A Response to David Badash on Obama and Gay Rights

Some interesting things are going on in the gay rights movement of late.  Just like a lot of self-proclaimed 'progressive' groups have made it a mission to bash the President - who in my judgment is the best friend progressives have ever had in the White House - some gay rights advocates have jumped on the same bandwagon.  I see long-time gay rights blogger David Badash's article, Obama's Gay Rights Come With An Expiration Date in that light.

Let's first delve into what precisely is happening here.  Badash is incorrect on several fronts.  While he correctly points to Virginia's regressive Republican governor rescinding protections for gay Virginians that were put in place by Executive Orders of the former Democratic governor, Badash fails to understand the basic nature of the issues at hand here.  These are not - I repeat, not - mere executive orders.   These are regulations, and at least in one case, regulations implementing a law.

For example, take the Family Medical Leave Act under which the Department of Labor is now proposing a new rule that would allow same sex partners to take time off to care for a loved one or their children.  It's not a new law, but DOL is interpreting the law to extend those protections to gay parents.  The Executive branch is specifically tasked with the power and the obligation to interpret the law, and that is what they are doing here.  As DOL suggests in the proposed rule,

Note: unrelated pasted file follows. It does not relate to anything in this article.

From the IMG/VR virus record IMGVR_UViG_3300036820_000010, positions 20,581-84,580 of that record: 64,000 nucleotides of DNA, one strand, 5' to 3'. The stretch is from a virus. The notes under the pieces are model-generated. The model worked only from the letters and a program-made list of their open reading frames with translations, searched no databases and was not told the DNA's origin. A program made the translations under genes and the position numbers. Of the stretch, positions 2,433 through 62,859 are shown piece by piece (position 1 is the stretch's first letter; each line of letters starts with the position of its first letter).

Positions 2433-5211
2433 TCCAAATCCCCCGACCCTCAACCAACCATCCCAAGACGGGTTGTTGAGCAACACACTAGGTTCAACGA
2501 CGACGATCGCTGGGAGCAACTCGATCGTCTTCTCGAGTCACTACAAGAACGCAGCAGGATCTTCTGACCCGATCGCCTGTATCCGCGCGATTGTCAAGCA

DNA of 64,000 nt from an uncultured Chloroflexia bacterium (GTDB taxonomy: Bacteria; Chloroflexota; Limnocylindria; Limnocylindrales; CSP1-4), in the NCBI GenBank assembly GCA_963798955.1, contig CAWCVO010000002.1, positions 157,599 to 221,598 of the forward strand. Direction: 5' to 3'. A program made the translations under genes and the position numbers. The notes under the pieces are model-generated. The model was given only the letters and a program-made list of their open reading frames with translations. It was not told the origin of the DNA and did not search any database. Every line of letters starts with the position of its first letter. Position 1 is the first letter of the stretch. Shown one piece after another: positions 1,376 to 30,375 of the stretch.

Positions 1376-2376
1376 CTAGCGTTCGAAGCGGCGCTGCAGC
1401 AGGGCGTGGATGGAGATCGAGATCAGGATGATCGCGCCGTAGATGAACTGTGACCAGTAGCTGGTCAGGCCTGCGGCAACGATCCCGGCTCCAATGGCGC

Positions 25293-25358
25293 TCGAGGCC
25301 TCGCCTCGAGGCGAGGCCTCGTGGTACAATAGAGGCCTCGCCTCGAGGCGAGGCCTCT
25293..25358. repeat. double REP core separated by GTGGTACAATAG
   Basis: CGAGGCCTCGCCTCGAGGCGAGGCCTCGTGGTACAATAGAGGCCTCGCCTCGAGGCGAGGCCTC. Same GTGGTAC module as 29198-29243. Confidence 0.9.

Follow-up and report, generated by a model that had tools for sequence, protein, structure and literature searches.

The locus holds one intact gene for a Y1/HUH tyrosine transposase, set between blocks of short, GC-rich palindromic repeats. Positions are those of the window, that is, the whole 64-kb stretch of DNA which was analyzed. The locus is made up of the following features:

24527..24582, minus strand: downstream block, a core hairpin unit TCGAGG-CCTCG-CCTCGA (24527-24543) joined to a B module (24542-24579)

Congress stated that the definition was intended to be “construed to ensure that an employee who actually has day-to-day responsibility for caring for a child is entitled to leave even if the employee does not have a biological or legal relationship to that child.”
It is based on that statement of Congress that this new interpretation takes shape.  If Congress already said that, and DOL is implementing the law, what's the beef?  It's not a policy implemented by an Executive Order, it is a regulation issued by an agency to enforce existing law.

Then there's the the new Medicare and Medicaid regulations that have compelled hospitals accepting those federal insurance programs to respect a patient's advanced directives with respect to visitation rights, including for domestic partners.  It's not quite an interpretation of a law but the basic right of individuals to choose who they want to be able to visit them in the hospital and their medical proxy.  It too is an agency regulation.

In both cases, these are not new laws, but these are regulations (at least one case to enforce existing law) that are proposed and eventually finalized.  Can regulations be repealed by a succeeding administration?  Yes.  But not as easily as rescinding an executive order.  Presidents impose and relax the global gag rule, for example, with the stroke of a pen.  They do not have that luxury for existing standing agency regulations.  If they want to change the rules, they must have the agency issue a new proposal for a rule, go through a legally mandated public comment period of 60 days, and then finalize those regulations.  The process is a little more burdensome than the stroke of a pen.